Since he seems to have been ordered to pack in both the plagiarism and the recycling, where does that leave a columnist whose whole career has depended on those two staples?
It leaves him with George Osborne.
There's always been a third pillar to Ray's career, which you can call networking, if you prefer it, as a term, to brown-nosing. I suppose they're not actually the same thing, though both are all about connections: the connections Ray has, and the connections he would like to have.
His Spectator column now appears to be devoted to both.
This sequence kicked off in January when Britain's leading chess columnist decided that his readers would like nothing more than seeing a game played by some bloke on the internet.
Spectator January 11
Congdon, Lawson, Johnson. Who are these people that we should be mindful of them? Congdon is a rightwing economist - very rightwing, as it happens, not unusually for Ray's circle. Still, Ray's friends are his own affair - though when he reckons that their internet games are attractive enough to be his weekly column's subject, wouldn't you prefer the Spectator had an editor knowledgeable enough to ask "why are you sending us this rubbish?"
The Spectator did use to have such an editor. At least in so far as he knew about chess, though not so much where telling Ray to up his game was concerned. Then again, Dominic Lawson - subject of the column two weeks later - is an old mate of Ray's. And what is the Spectator for, if not to defend the principle of people getting on by their connections?
Dominic's played an interesting role in Ray's career, as it happens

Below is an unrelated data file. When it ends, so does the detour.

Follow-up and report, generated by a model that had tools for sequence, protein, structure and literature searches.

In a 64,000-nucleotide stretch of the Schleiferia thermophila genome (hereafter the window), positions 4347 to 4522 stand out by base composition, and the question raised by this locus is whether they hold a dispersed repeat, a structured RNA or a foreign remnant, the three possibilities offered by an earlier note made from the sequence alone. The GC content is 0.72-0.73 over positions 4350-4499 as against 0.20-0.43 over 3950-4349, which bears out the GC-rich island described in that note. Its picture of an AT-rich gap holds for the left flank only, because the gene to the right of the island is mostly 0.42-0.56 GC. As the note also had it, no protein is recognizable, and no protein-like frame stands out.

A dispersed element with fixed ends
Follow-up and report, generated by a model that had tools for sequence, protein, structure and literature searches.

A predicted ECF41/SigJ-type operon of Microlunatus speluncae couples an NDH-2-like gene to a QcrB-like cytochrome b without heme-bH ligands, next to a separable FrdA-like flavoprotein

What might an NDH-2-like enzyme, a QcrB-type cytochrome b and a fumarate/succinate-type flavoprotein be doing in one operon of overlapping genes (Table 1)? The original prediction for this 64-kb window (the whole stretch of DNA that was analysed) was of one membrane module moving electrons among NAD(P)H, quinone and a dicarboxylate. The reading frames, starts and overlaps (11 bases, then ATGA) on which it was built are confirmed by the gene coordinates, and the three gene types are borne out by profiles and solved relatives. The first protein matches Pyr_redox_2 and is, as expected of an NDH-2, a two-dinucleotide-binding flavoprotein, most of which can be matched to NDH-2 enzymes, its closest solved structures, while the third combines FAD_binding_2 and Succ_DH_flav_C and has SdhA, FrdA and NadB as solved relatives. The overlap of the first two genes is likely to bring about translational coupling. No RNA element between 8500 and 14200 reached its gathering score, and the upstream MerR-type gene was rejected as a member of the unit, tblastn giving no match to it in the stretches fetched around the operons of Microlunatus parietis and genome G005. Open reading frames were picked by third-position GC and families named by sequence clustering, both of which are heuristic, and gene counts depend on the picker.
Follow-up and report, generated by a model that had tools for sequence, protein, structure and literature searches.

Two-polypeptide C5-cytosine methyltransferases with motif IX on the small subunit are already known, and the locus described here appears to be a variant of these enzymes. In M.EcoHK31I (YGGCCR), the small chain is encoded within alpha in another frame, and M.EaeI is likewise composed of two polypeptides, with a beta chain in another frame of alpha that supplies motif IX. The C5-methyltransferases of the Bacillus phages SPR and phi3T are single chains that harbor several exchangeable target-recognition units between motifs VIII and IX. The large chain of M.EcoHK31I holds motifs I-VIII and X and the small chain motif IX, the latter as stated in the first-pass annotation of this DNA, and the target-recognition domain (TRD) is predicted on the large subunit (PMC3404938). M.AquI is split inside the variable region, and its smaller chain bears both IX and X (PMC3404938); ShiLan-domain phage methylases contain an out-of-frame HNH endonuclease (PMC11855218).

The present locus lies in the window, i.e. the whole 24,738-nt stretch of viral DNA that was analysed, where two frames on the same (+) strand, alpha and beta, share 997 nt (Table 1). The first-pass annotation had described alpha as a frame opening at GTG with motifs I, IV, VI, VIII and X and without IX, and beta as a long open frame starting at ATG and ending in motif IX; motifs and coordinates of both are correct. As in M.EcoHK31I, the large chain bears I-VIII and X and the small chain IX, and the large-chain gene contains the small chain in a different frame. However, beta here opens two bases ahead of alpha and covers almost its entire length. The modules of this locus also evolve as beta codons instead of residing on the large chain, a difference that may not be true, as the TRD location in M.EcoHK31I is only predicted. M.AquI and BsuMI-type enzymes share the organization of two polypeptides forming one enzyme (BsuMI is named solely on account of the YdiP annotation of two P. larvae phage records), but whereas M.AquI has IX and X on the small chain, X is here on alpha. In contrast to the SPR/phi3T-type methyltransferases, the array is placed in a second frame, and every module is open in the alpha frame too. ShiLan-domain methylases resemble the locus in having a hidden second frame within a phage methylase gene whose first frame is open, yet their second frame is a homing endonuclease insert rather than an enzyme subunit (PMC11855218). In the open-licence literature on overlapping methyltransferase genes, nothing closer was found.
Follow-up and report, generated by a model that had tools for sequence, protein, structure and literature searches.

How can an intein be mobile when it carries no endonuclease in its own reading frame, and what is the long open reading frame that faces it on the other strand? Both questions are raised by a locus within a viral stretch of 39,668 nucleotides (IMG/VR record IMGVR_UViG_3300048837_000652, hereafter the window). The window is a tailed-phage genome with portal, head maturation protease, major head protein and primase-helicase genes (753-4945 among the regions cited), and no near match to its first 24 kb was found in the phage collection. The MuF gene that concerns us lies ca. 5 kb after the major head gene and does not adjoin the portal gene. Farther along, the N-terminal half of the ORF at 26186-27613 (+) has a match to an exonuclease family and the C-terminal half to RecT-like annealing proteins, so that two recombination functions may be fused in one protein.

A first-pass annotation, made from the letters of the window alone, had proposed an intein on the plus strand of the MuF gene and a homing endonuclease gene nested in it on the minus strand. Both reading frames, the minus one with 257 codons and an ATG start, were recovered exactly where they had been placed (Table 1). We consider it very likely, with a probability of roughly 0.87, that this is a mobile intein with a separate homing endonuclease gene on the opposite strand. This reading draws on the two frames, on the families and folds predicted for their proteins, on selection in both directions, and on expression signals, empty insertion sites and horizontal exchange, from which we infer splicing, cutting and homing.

but that need not concern us now, except to establish them as old collaborators. Hence Ray's backscratching above. (No doubt the regard is mutual. Anyone who's read the column itself may be entertained to see that Lawson selects Ray's favourite Modern Defence.)
Oh yes, Lawson is chess correspondent of Standpoint. (I noticed that this column, perhaps unfairly, omitted his old friend's name, preferring "other chess players" instead). The magazine's economics correspondent is one Tim Congdon.
Ray next treated us to Gates v Carlsen.
I think Gates might be a bit out of Ray's networking reach these days. Carlsen too, come to that. Still, he tries his best.
The following week, it was Daniel Johnson, whose 1997 game against Steve Davis had somehow previously escaped the attention of the chess world.
There's Congdon and Lawson again, along with the editor of the magazine for which they write. What's this about then? Is Ray angling for a job at Standpoint? A review? A dinner invitation?
Who knows. Maybe it's just that nobody reads the Spectator chess column any more, except the readers of this blog. So it really doesn't matter what goes in it any more. One week, it's devoted to Ray's friends. The next, to people he wants to be his friends.
Like George. George, Ray, the Spectator. What a combination.
As I was saying:
No doubt in Ray's imagination it is always Baguio in 1978, exchanging barbs and presents with Baturinsky. Or London, in 1986, with Prime Minsters past and present queuing to share his company. Or 1985, Buckingham Palace and his OBE.No thanks for the memories, Ray. Isn't it time you, too, were consigned to the past?
[Thanks to Pablo Byrne]
[Ray Keene index]